Thanks for the encouragement! The reason I stopped towards the end was because it became less fun - was always trying top myself and hit a brick wall. Maybe a more relaxed attitude and actively learning instead of just throwing shit at the wall is a better approach. I’m definitely a lot more mature and serious than I was back then!

I’ll try ableton - I know FL really well and it would be a decent transition if I try and learn it properly"

Thanks again, really appreciate it.

Edit: Just reading that book, it highlights things that I used to subconsciously (analyse the music I listen, actively listen) but I dunno, hate to say it but depression really stopped me from doing that - but i’m into music again now and in a much better headspace and it’s coming back to me, i’ll read this book to the end.

that’s exactly why i liked this book, it’s pointing things we all know & easily forget. A cool reminder.

1 thing i like to do as well, when i’m stuck facing a blank session … use a plugin a way it’s not meant to.
take a drum machine, make it a synth, take a synth make it a drum machine, take an effect chain & make it an instrument, put the mess in your midi datas, a midi drum phrase can drive a synth, a synth midi phrase can drive a drum machine … randomness as a luck supplier is sometimes very effective.

Swap between different techniques. 1 day, play music very solfeggi like, the next day, twist your solfeggi stuff to the most messy stuff you can think of, the day after, interleave both sessions, take a track from the solfeggi session & add a track from the random session & see what happens.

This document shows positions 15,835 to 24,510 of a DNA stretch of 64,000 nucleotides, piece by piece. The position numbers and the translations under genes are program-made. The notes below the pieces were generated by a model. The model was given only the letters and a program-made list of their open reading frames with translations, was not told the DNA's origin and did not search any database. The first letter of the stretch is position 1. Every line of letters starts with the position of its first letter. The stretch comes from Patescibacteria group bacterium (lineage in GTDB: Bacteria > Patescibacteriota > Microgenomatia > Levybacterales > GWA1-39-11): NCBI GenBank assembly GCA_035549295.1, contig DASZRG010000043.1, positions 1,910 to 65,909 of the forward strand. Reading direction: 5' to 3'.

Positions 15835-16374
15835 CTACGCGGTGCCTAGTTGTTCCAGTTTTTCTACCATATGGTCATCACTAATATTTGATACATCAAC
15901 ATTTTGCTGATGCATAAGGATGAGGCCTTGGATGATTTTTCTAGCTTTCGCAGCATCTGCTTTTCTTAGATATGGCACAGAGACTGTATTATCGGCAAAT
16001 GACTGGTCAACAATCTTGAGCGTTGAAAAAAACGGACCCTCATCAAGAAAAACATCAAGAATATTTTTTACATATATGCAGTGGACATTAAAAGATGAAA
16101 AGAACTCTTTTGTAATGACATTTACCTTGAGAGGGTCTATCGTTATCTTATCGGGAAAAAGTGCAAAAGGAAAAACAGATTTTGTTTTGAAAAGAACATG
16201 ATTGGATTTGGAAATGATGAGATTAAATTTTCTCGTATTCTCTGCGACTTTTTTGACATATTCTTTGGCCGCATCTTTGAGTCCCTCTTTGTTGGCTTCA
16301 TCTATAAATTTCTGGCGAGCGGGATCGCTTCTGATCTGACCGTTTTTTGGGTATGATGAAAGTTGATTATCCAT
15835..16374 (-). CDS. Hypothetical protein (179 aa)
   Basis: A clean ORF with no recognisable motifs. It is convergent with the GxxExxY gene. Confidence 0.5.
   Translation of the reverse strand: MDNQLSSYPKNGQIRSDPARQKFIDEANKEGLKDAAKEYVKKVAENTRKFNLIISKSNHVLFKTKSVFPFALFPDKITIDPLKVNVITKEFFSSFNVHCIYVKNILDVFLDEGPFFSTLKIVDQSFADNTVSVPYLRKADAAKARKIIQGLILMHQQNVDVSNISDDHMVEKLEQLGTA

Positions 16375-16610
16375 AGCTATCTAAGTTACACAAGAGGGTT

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That’s a good approach also! My favourite way to jumpstart a tune was to inject a random sample into Camel Alchemy and see what cool noises come up!

I think starting a fresh with a new DAW and being commited to learning it wuold also be good thing - start from square one again, and then hopefully all my old inspiration will find itself! I’m pretty excited

Sure it will come back !!! Always learn is a good thing too, the music evolves so fast, we always have new tools, browse, try, things will come back.
Take care, good tweak man.

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Have fun. Don’t overthink stuff. Just use the tools you have or get and be creative. Most important, enjoy what you are doing.

I agree with ACRE, it WILL come back in one way or another.

5 years you say? Uhhh… I think I have some bad news for you… :wink:

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That Ableton book is a good idea, but apart from that, just do things. Try to think back at what inspired you and go back to it, did you love taking a loop and mangling it to oblivion on Renoise? Start from there and build around it.